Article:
Though an end to door-to-door delivery would disproportionately affect urban residents, urban and rural Canadians do not differ substantially on their views of Canada Post. Rural populations – who are less likely to have door-to-door delivery currently – are only slightly more likely to support the elimination of such service in urban areas. Almost half favour the idea (46%) compared to roughly one-third of urban residents (36%).

Income also appears to be related to views on the idea. High income earners (those making $100,000 or more) are nearly twice as likely as low income earners (less than $50,000) to favour getting rid of door-to-door delivery:

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Not only are low income earners the most staunchly opposed to ending door-to-door delivery, more than four-in-five (83%) within the group claim that Canada Post provides an essential service and should maintain its current service levels, the highest among any income category.

The impact of delivery reform on jobs is at the front of lower-earners’ minds as well, with three-quarters (76%) saying they are worried about potential job losses, compared to just over half of those making more than $100k (55%) expressing the same concern. Overall, seven-in-ten Canadians (69%) say they are concerned with job losses related to possible door-to-door delivery reform.

Opinions on eliminating door-to-door delivery are also split along partisan lines. People who voted for Stephen Harper and the Conservative Party in the 2015 federal election – whose preferred party was in power when the changes began – are the most likely to agree with cutting the service. More than half say they are in favor compared to just two-in-five past Liberal Party voters and less than three-in-ten past New Democratic Party voters:

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When asked whether they agree with a series of statements about service reform and Canada Post more generally, past Conservative voters are less likely than others to convey sentimental opinions. For example, not only are past Conservative supporters nearly twice as likely as past NDP voters to say “private delivery services have made Canada Post mostly irrelevant,” they are also considerably more likely than others to disagree that door-to-door delivery is a hallmark of a developed country:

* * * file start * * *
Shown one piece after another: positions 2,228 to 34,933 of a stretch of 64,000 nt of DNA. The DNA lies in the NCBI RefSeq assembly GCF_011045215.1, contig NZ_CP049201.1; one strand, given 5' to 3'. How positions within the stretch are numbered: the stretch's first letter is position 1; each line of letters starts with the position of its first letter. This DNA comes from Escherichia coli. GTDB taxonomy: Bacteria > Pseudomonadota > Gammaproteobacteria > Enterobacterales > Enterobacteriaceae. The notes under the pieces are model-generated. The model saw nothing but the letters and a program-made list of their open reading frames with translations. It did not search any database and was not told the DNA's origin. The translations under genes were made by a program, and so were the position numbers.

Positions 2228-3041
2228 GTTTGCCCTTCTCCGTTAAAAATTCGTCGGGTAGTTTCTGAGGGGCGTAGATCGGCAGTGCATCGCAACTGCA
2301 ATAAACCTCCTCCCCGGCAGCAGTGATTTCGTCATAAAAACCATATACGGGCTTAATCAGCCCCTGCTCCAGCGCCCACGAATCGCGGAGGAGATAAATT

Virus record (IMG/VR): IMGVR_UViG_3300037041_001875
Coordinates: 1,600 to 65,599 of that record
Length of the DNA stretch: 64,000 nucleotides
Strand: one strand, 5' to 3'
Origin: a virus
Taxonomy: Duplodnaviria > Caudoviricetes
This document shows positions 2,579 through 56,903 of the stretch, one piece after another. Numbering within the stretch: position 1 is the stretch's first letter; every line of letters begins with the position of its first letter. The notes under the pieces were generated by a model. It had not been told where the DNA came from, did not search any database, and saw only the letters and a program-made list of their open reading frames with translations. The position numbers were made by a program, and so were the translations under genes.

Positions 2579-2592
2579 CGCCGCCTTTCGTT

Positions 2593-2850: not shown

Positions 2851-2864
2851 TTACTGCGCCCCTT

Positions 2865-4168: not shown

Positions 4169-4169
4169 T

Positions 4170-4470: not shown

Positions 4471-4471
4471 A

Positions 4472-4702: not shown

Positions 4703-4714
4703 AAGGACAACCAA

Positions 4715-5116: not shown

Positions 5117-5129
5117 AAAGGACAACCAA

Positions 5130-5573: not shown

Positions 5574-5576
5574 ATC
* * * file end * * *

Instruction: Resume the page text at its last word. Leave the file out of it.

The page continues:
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Past Conservatives are also significantly more likely than others to be against subsidizing Canada Post and are the least likely to worry about potential job losses, with just over half voicing this concern (54%).

These findings suggest that although experts say Canada Post has played an integral role in building the nation, opinions on its continued operation and relevance are politically contested.

Other proposals for change

The committee studied a variety of alternative means for reducing Canada Post’s costs and helping it adapt to declining usage. The Angus Reid Institute put three ideas the committee considered, but ultimately did not recommend, to Canadians in this poll, asking whether they like or dislike each one.

Two of the options – closing rural post offices and increasing the price of stamps – appear to be political non-starters. More than eight-in-ten Canadians say they dislike each of these options, with the largest group in each case saying they dislike it “a lot”:

mail delivery

Dislike for these two proposals is highest among women and older respondents, but it remains a sizeable majority across all age and gender groupings (see comprehensive tables).

As might be expected, residents of rural Canada are particularly adamant in their dislike of closing rural post offices. Nearly all of them (94%) dislike the idea, and fully seven-in-ten (70%) dislike it “a lot.”

That said, urban Canadians also strongly object to the concept. Almost nine-in-ten (88%) dislike the idea, though a substantially smaller number (45%) do so “a lot.”

The Canada Post Charter has included a moratorium on closing rural post offices since 1994, and the committee report recommends strengthening the enforcement of that moratorium, noting that 350 post offices in rural areas have been effectively shuttered despite the prohibition.

On the question of stamp prices, the committee recommended pegging increases to inflation, but did not recommend any additional upping of the cost of postage.